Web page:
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As a prelude before the Revolution itself, there were already preliminary symptoms of unrest within America that followed the first step in the general pattern of revolutions. Prior to the first shots at Lexington and Concord in 1775, growing discontent with the British Government passing certain acts that the Americans perceived as unfair had already risen to a substantial degree. With the majority of acts incurring economic and financial costs, by 1767, the Townshend Acts had been passed, putting further taxes on paper, glass and tea. Upon the taxes that the Stamp Act of 1965 incurred on such items as newspapers, official documents and almanacs, the American people became highly agitated and a feeling of resentment quickly spilled over the masses, ‘several person were for dying rather than submitting to it...’ [pg52 Maier, P.] Additionally, the Colonialist became increasingly violent, ‘Almost immediately after the Acts [implementation], outbreak of mob activity...’[pg54 Maier, P.] By 1970, the preliminary symptom of unrest displayed through protest and discontent was evident. The Colonialist did not feel that they were obligated to be subject to these taxes without representation in British Parliament. Additionally, the psychological pre-condition associated with the cause of war was present in the Colonialist discontent regarding the numerous Acts bearing economic consequences. Not only had the events up till 1770 displayed active protests and early mob activity, it also hinted at the potential oncoming violence the growing mob could inflict which was the next step in the general broad pattern of revolutions.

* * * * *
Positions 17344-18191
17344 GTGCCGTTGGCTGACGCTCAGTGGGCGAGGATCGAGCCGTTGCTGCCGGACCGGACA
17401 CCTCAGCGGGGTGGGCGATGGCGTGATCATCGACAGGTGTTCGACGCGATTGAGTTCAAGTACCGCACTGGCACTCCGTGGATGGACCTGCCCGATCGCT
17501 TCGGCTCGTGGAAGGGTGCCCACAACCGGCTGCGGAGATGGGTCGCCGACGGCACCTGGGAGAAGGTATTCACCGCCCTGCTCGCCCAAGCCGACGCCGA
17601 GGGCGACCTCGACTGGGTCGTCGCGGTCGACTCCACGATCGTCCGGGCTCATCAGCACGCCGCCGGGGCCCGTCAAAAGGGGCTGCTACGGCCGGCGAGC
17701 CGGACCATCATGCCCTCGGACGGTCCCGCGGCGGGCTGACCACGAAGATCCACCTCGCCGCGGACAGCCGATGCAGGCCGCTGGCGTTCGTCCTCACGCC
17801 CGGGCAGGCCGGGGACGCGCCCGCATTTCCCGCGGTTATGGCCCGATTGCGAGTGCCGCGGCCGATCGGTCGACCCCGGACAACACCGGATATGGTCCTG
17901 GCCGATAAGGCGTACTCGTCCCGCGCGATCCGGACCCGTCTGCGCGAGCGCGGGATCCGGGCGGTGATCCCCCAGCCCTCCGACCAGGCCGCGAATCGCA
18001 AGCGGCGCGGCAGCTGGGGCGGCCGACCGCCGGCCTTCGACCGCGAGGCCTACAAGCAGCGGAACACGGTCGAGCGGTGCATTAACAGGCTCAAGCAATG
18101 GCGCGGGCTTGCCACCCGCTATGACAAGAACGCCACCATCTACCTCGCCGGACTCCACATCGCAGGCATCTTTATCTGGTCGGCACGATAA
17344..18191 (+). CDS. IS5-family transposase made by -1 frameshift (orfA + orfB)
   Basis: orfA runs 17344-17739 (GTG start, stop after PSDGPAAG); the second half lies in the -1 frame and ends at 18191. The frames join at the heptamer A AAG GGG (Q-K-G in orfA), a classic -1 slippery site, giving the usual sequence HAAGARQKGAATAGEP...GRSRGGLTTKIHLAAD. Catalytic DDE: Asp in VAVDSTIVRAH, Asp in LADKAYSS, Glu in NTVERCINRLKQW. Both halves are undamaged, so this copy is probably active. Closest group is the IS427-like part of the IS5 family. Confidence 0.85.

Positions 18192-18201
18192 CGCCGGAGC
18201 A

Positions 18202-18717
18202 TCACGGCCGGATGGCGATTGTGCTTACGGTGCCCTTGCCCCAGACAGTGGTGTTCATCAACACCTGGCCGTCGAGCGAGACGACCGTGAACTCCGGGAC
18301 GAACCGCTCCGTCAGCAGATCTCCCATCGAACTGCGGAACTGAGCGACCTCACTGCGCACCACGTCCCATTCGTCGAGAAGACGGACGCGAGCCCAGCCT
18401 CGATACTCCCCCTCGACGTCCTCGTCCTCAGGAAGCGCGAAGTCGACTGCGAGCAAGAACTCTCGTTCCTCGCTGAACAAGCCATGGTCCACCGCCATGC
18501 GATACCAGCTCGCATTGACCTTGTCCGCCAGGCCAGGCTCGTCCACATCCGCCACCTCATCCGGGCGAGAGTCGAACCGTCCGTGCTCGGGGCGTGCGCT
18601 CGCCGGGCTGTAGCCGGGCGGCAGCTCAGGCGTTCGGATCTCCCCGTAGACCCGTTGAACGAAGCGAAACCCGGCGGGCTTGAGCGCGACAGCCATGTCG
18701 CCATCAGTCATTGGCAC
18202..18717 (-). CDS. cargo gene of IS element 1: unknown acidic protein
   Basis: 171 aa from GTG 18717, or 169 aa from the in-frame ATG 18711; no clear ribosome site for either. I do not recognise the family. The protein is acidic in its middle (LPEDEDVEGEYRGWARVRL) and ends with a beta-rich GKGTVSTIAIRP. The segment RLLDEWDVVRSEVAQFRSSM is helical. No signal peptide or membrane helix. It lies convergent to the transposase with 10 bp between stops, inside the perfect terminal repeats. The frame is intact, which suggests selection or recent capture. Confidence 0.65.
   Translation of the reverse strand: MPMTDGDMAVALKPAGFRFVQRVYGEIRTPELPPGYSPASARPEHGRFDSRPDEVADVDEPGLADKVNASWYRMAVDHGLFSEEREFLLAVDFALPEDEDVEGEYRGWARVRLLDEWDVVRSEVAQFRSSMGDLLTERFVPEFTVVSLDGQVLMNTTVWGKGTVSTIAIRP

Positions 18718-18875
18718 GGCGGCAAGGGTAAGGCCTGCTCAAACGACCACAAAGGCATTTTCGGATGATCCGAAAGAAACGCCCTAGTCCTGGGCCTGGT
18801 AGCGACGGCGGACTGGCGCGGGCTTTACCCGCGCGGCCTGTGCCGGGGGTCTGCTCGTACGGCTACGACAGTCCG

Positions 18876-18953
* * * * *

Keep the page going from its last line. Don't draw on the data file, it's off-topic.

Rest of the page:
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Following on from active demonstrations and protests, the American Revolution followed the general pathology through to the advanced symptoms of unrest which was characterised by the creation of a violent mob during the Boston Massacre in 1770. Taking place on the March 5th 1770, the massacre found its backdrop against a dispute between a colonialist and British soldier. After a misunderstanding between Edward Gerrish and Captain Lieutenant John Goldfinch, Private White mishandled the dispute by striking Gerrish on the head. Resulting from this a growing crowd of American colonialist gathered taunting White. Being relieved, Captain Preston went down to relieve the crowd. Amongst the crowd, one of Preston’s men was struck down. Immediately after this, Preston’s men fired on the crowd killing five and injuring a further six men. The response to the ‘massacre’ was self-evident, with numerous artists drawing upon this incident for numerous pieces of anti-British propaganda. The massacre was the final straw for both radical politicians and simple American colonialists in Boston. The word ‘massacre’ used by the Americans was not describing those killed; it was instead referring to the current mood held by many of the colonialists. The colonialists had been ‘massacred’ in a sense that they were no longer going to tolerate British government’s power. Upon the previous acts that implied economic sanctions, the blood of American lives was indeed the last straw. The display of violence acted as both a political pre-condition and characteristic that identified a successful revolution. As a political pre-condition, the murder of five Americans displayed the conflict between the Colonialists and their Imperial masters. Under characteristics, the violence witnessed in Boston fulfilled one of the four characteristics of revolution.